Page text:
The following tribute was taken from the 1987 Alumni Directory and was written by Col. J B Leftwich, whom I had the honor of knowing during my four years in Lebanon. Castle Heights was more to Col. Leftwich than just a teaching job, it was a love and a way of life. It is to men such as him that we owe so much and will forever remember.

Taps for Castle Heights came on an August afternoon in the summer of 1986 just as the proud old military academy prepared for its 85th school year. And she died with her head high as if she expected reveille to sound as usual the next day.
But reveille did not sound the next day despite efforts of Lebanon business and professional people to pump life into her once again. Castle Heights was a tough old institution which had weathered other crises and had fought back to full strength. Indeed, only twelve years before, in 1974, the Castle Heights Foundation was formed to buy from the floundering Bernarr Macfadden Foundation the school and its more than one hundred acres of land.
In the final analysis, Castle Heights died because there was no longer a body of cadets large enough to sustain her. Year after year following the Vietnam War, which changed so many attitudes and altered so many institutions, school officials hoped and prayed for a halt in the declining enrollment; indeed, for any kind of an upward trend. But aside from an occassional flurry, increases in enrollment did not come. And so, Castle Heights ran its course, and the time came for taps .... the final taps. There had been many casualties among the ranks of military schools prior to the demise of Castle Heights. There will be many more. Education in this country is on a different track, and the future of military schools at the secondary level is, at best, hazy. Several factors are responsible for a weak response at the market place, including escalating tuition, the proliferation of private day schools, and the reluctance of teenagers to leave home to attend boarding school. Another factor, perhaps as important as the above mentioned ones, focuses on home discipline in which children make the decisions, especially in the matter of being away from home and friends to attend school.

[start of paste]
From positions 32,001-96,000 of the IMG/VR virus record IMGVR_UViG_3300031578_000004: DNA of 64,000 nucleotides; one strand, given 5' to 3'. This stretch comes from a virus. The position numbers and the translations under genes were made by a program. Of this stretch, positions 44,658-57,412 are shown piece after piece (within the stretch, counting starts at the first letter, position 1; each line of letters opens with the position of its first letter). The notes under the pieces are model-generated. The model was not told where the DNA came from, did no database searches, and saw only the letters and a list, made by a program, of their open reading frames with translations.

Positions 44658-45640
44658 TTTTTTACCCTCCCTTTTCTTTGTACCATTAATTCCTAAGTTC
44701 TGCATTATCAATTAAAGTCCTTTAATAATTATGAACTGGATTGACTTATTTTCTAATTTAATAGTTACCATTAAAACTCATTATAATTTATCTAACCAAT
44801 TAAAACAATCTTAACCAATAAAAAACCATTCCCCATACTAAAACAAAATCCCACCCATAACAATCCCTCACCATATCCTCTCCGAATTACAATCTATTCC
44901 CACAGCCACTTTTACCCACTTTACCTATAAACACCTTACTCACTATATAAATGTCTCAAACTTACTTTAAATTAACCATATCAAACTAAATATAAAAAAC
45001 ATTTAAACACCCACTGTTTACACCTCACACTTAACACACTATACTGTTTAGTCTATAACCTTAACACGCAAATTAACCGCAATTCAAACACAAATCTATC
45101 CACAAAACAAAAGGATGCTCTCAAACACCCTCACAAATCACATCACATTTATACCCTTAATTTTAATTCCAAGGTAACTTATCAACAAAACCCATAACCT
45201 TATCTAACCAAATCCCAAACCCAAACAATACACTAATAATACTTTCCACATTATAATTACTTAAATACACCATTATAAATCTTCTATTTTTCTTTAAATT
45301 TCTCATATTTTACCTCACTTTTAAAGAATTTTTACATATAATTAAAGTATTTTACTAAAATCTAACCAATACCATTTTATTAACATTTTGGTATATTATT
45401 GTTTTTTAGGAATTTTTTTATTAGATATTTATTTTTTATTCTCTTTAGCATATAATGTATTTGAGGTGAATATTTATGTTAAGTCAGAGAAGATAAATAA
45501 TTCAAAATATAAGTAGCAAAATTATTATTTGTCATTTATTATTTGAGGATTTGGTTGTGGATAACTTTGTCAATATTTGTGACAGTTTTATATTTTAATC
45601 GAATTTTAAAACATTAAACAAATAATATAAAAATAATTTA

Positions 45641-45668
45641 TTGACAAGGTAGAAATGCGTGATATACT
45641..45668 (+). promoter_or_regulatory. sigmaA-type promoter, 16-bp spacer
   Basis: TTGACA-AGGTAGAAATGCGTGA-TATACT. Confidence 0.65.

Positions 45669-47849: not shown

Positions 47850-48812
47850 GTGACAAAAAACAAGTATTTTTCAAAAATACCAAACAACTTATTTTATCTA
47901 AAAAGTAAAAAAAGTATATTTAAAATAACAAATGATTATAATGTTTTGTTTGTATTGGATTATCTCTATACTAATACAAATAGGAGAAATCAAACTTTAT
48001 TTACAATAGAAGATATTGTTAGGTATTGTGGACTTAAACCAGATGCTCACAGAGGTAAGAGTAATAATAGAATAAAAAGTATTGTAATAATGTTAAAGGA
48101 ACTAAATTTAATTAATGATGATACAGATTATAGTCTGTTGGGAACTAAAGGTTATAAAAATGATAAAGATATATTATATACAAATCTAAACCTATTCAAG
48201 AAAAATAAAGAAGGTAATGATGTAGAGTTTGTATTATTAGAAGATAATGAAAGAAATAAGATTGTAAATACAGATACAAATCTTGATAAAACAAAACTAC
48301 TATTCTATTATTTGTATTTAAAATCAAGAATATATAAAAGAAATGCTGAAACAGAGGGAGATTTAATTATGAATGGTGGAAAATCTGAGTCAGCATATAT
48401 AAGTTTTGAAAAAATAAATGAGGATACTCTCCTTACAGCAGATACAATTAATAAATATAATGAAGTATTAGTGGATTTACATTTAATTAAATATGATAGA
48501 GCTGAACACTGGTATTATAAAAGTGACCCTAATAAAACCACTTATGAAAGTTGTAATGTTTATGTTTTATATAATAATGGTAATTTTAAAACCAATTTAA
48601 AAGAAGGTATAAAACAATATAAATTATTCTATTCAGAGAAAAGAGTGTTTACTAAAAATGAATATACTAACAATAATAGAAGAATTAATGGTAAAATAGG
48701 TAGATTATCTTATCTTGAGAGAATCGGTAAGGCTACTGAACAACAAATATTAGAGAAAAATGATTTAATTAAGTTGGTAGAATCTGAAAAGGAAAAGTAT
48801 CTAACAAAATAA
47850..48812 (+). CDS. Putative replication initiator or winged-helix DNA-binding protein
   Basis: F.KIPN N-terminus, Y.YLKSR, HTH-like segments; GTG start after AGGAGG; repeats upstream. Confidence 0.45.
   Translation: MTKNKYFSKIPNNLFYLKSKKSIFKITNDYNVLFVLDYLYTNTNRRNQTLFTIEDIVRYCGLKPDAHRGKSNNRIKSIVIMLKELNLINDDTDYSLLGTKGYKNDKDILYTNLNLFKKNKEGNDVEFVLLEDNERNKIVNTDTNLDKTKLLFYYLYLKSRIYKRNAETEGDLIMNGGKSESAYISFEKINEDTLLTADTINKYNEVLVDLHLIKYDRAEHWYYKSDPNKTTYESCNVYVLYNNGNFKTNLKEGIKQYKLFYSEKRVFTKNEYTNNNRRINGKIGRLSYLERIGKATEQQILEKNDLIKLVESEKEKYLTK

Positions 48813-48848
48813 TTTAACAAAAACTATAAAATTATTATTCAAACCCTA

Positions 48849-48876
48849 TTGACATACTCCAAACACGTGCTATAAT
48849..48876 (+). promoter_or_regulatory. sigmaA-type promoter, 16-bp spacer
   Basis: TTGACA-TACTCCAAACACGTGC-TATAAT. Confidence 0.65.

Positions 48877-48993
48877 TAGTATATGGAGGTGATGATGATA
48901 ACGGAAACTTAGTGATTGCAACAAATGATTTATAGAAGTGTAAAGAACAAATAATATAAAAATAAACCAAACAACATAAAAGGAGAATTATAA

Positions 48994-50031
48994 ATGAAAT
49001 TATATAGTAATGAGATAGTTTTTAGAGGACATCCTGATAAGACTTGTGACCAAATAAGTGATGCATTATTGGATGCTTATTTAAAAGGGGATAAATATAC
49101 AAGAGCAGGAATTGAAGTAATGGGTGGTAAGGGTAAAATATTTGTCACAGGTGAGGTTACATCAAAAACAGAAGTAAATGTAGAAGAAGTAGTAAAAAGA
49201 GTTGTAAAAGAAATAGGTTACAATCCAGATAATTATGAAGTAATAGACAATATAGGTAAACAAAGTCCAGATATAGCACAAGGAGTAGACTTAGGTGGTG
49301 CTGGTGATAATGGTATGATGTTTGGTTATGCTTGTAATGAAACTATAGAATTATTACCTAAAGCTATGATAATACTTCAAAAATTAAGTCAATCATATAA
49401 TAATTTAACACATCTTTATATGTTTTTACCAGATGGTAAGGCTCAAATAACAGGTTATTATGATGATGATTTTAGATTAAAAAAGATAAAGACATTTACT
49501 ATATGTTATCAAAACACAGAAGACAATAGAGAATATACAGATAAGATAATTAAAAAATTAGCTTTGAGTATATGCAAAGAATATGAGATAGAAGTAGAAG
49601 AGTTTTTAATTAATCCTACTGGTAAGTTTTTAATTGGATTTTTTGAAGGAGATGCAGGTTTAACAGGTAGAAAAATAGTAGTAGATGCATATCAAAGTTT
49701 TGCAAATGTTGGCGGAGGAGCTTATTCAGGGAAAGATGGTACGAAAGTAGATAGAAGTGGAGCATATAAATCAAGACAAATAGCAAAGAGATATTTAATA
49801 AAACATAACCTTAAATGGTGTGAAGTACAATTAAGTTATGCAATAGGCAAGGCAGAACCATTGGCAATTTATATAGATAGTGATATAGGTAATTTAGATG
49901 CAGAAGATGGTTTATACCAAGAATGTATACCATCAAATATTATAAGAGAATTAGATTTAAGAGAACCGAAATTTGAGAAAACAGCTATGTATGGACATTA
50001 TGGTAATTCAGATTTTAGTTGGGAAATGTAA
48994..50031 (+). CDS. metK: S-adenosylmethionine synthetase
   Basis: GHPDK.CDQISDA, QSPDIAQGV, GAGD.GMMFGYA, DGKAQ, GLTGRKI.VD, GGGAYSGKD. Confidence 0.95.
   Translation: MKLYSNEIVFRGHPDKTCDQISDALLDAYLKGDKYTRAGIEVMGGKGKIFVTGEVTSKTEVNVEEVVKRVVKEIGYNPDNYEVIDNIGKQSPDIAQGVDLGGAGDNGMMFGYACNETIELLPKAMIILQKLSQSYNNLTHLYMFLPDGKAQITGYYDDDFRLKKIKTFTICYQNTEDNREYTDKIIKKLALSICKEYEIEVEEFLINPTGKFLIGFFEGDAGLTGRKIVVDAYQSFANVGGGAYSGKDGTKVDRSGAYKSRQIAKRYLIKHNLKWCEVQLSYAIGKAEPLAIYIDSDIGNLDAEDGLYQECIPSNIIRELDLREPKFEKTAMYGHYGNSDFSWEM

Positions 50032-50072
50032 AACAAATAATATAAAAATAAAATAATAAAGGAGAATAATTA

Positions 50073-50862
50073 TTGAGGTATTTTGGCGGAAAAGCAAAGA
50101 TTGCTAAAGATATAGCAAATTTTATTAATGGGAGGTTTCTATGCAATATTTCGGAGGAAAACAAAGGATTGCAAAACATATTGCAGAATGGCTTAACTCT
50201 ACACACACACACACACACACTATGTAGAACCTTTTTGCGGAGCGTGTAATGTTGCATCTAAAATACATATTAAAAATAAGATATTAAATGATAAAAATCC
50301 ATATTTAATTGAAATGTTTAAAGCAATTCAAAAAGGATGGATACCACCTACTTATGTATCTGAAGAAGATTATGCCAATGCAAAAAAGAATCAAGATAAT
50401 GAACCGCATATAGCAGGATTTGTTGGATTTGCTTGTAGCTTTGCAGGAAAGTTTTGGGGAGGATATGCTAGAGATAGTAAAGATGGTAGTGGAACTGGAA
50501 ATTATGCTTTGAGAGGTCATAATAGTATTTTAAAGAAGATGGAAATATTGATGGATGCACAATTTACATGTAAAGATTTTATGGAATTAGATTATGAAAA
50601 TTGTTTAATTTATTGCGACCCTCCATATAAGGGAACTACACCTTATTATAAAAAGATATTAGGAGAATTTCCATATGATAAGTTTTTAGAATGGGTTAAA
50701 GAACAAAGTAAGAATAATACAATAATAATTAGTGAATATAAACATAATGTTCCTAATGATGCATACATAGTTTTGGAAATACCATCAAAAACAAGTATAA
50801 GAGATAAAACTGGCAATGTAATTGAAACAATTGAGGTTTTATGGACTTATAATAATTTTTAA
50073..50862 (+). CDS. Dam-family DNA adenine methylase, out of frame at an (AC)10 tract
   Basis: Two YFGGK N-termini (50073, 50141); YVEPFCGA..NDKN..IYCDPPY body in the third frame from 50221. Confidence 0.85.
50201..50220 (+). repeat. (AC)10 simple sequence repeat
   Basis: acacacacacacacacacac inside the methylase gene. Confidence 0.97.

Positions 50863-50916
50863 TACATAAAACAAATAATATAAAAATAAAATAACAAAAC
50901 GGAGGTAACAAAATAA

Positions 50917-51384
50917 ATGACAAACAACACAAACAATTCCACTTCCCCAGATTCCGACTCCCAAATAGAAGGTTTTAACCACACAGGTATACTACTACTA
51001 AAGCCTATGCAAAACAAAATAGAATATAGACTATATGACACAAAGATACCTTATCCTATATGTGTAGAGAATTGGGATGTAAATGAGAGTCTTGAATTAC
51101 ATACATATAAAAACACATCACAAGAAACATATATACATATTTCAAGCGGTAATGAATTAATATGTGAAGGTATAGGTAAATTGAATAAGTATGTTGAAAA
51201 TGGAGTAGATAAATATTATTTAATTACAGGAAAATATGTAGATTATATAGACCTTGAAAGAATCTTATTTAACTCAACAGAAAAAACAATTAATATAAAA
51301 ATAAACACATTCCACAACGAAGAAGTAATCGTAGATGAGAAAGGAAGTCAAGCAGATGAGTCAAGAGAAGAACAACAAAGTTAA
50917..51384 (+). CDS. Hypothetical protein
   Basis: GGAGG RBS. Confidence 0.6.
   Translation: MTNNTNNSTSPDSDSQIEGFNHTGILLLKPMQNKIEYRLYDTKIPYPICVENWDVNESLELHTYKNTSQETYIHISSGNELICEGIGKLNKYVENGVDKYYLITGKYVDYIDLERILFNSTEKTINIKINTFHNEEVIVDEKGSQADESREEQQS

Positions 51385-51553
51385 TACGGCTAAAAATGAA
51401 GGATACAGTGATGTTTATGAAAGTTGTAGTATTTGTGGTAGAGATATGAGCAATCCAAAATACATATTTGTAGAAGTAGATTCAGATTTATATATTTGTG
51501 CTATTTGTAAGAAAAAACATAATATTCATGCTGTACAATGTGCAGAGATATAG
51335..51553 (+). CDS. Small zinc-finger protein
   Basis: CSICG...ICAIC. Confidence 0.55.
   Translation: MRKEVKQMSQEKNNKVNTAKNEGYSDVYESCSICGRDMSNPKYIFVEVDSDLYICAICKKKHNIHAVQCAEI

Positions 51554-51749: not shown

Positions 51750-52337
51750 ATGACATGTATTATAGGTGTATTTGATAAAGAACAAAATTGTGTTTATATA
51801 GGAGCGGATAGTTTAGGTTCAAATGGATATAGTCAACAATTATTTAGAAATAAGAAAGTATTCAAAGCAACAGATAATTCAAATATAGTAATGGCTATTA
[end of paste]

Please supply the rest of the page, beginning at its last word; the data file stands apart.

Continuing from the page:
Add to these factors the tremendous overhead of operating a boarding school. Salaries, utilities, maintenance of ancient buildings, transportation, food and administration become more costly with each passing year.
And so, the heyday of boarding schools in general and military schools in particular is long over, and this is sad. These schools have meant so much to so many. The stronger, richly endowed boarding schools will survive, but maintaining enrollment numbers will become increasingly difficult, even for them.
It is not easy to write the obituary of one you love. On a personal note, I have been a part of Castle Heights Military Academy as teacher, administrator, or trustee for forty-five years.... and I loved her. But the time had come for her to go, because she could be only a shadow of what she was. I am not precluding the possibility of another school operating on the Castle Heights campus; that is a faint possibility. I am saying the Castle Heights I knew and loved and supported is gone.
I am writing her obituary, it is necessary to mention important events. Here are some of them.
  • 1902 - Castle Heights School founded by L. W. P. Buchanan with the support of David E. Mitchell. Main was the only building and enrollment was 96 boarding students.
  • 1903 - Dr. L. L. Rice and Prof. 0. N. Smith, two of the giants in the early years, came aboard.
  • 1913 - Rice became sole owner.
  • 1917 - The school was renamed Castle Heights Military Academy.
  • 1921 - Rice sold the school to a group of faculty members.
  • 1928 - Bernarr Macfadden bought the school, and soon thereafter hired Harry L. Armstrong, for many years superintendent.
  • 1936 - The Mitchell House was bought. The Mitchell property brought the school acreage to 225.
  • 1941 - The Junior College was established with R. C. Ford as Dean.
  • 1973 - Five girls were admitted, the first females since this beginning of World War I to attend Castle Heights.
  • 1974 - The Castle Heights Foundation was formed with Roy Wauford as chairman of its board. The new foundation bought the school from the Macfadden Foundation.
  • 1986 - Castle Heights closed its doors.

J. B. Leftwich

Memories of Heights

		How great it felt, to come back "home",
		To Castle Heights again.
		To walk the grounds, to feel the breeze,
		And be where we had been.
		And best of all, to see again,
		Those old familiar faces.
		Bringing back old memories of
		Old friends, old times, old places
		How many times, as years went by,
		My mind slipped back to Heights.
		Conjuring up old memories,
		Of long past days and nights.
		Those memories of long ago,
		And all the times we had.
		Those memories that haunt us all,
		The good ones, and the bad.
		Those memories of S.M.I.,
		And Sunday Dress Parade.
		Of Col. Ingram, Maj. Mann,
		I doubt they'll ever fade.
		The formations at the circle,
		Marching thru the mess hall door,
		Now the circle, and the mess hall,
		And old Bullard are no more.
		And the band no longer plays retreat,
		And the bugle does not sound.
		And the auditorium's empty,
		And there's silence all around.
		But don't let the silence fool you,
		Heights is not dead and gone.
		We know that in our hearts and minds,
		It always will live on.
		It will live in all our memories,
		Recollections of those sights.
		That will stay with us forever,
		God Bless you, Castle Heights.
Dedicate to LCDR Tom Harris
Also Known As Maj. Tom (Tailspin) Harris
English and Literature teacher for many years at CHMA.